For Ericksen and Vargas — the two primary candidates in 2018 who advanced to the general election — ad spending before the primary amounted to a little more than $18,000, according to Public Disclosure Commission figures.
This year, finalists Sefzik and Shewmake, and PACs outside their campaigns, spent about $464,000 on mailers and other advertising, including $184,000 in outside money to attack Shewmake.
Patricia Mullett, Sefzik's campaign communications director, saw a connection between the spending and the relatively high voter turnout.
“I think the spending correlates to turnout in that people were paying attention,” Mullett said. “The very fact that there was that much money to spend in the first place reveals the importance of this election.”
Shewmake said Democrats have upped their spending this election season because Republicans are making a push to take control of the Senate. (Democrats currently hold a 28–21 majority.) Republican control of the Legislature could bring state residents one step closer to losing their reproductive rights, Shewmake said.
“In the face of real threats to losing our rights, we are taking action,” Shewmake said. “This primary election we knocked on doors, ran TV ads and sent no more than two pieces of mail to any voters,” she added, noting that constituents often express concern about the number of mailers that pile up in the weeks leading up to Election Day.
Mullett echoed that voters know a lot is at stake in this election, pointing to rising inflation and crime.
“They feel it every time they fill up their gas tank, buy their groceries and pay their rent, and they see it in the dramatically increased crime rates,” she said.
Negative flyers like those sent by PACs opposed to Shewmake can actually depress voter turnout, the Democratic candidate said.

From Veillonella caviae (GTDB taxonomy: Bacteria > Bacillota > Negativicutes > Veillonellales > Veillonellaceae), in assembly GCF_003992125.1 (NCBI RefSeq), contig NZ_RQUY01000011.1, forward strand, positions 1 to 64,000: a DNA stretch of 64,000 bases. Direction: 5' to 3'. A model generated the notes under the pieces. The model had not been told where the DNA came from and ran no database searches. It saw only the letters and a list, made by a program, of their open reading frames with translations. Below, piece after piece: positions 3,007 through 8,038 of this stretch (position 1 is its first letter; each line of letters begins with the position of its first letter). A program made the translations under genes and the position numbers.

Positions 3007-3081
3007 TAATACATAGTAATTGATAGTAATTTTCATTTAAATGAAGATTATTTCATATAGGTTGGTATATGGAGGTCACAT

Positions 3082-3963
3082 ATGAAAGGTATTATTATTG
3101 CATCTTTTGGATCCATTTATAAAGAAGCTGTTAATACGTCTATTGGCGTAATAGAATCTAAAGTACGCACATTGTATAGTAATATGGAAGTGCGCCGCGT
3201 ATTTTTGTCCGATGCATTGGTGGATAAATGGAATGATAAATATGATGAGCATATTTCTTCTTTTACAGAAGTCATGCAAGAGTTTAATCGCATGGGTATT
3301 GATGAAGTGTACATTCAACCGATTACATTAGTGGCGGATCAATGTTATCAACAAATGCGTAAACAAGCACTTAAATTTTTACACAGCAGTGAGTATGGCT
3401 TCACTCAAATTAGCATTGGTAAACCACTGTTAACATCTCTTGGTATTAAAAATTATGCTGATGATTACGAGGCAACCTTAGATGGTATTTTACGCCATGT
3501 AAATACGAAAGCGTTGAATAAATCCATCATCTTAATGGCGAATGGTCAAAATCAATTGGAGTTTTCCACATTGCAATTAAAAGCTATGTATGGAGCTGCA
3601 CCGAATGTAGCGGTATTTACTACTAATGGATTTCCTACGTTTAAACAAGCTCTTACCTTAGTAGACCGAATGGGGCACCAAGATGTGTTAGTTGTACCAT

“We focus on urging people to vote and to vote for good things!” Shewmake said in an email. “Democracy only works when people vote, and so my passion is ensuring everyone has enough information and feels empowered to vote.”
That doesn’t mean voters in the 42nd will never see a negative advertisement about Sefzik, Shewmake’s opponent. In fact, New Direction PAC has already spent more than $17,000 on anti-Sefzik campaign ads.
Whatever the case, if 2018 is any indication, election spending has only just gotten off the ground in the 42nd.
The Vargas and Ericksen campaigns had raised about $200,000 combined by the 2018 primary election. After the primary, fundraising and spending accelerated. By the time the election was all over (Ericksen emerged with a razor-thin margin of victory), the two campaigns had amassed $900,000 in donations. PACs had spent another $972,000, making the 2018 Senate race a nearly $2 million affair.
So far this year, the two remaining candidates for the 42nd District Senate seat have raised a combined $594,000 and been the subject of outside campaigning that has cost another $264,000.
In other words, the campaigns are way ahead of where their counterparts were in 2018. This can only mean 42nd District voters will hear a lot more about Shewmake and Sefzik before casting their ballots in November.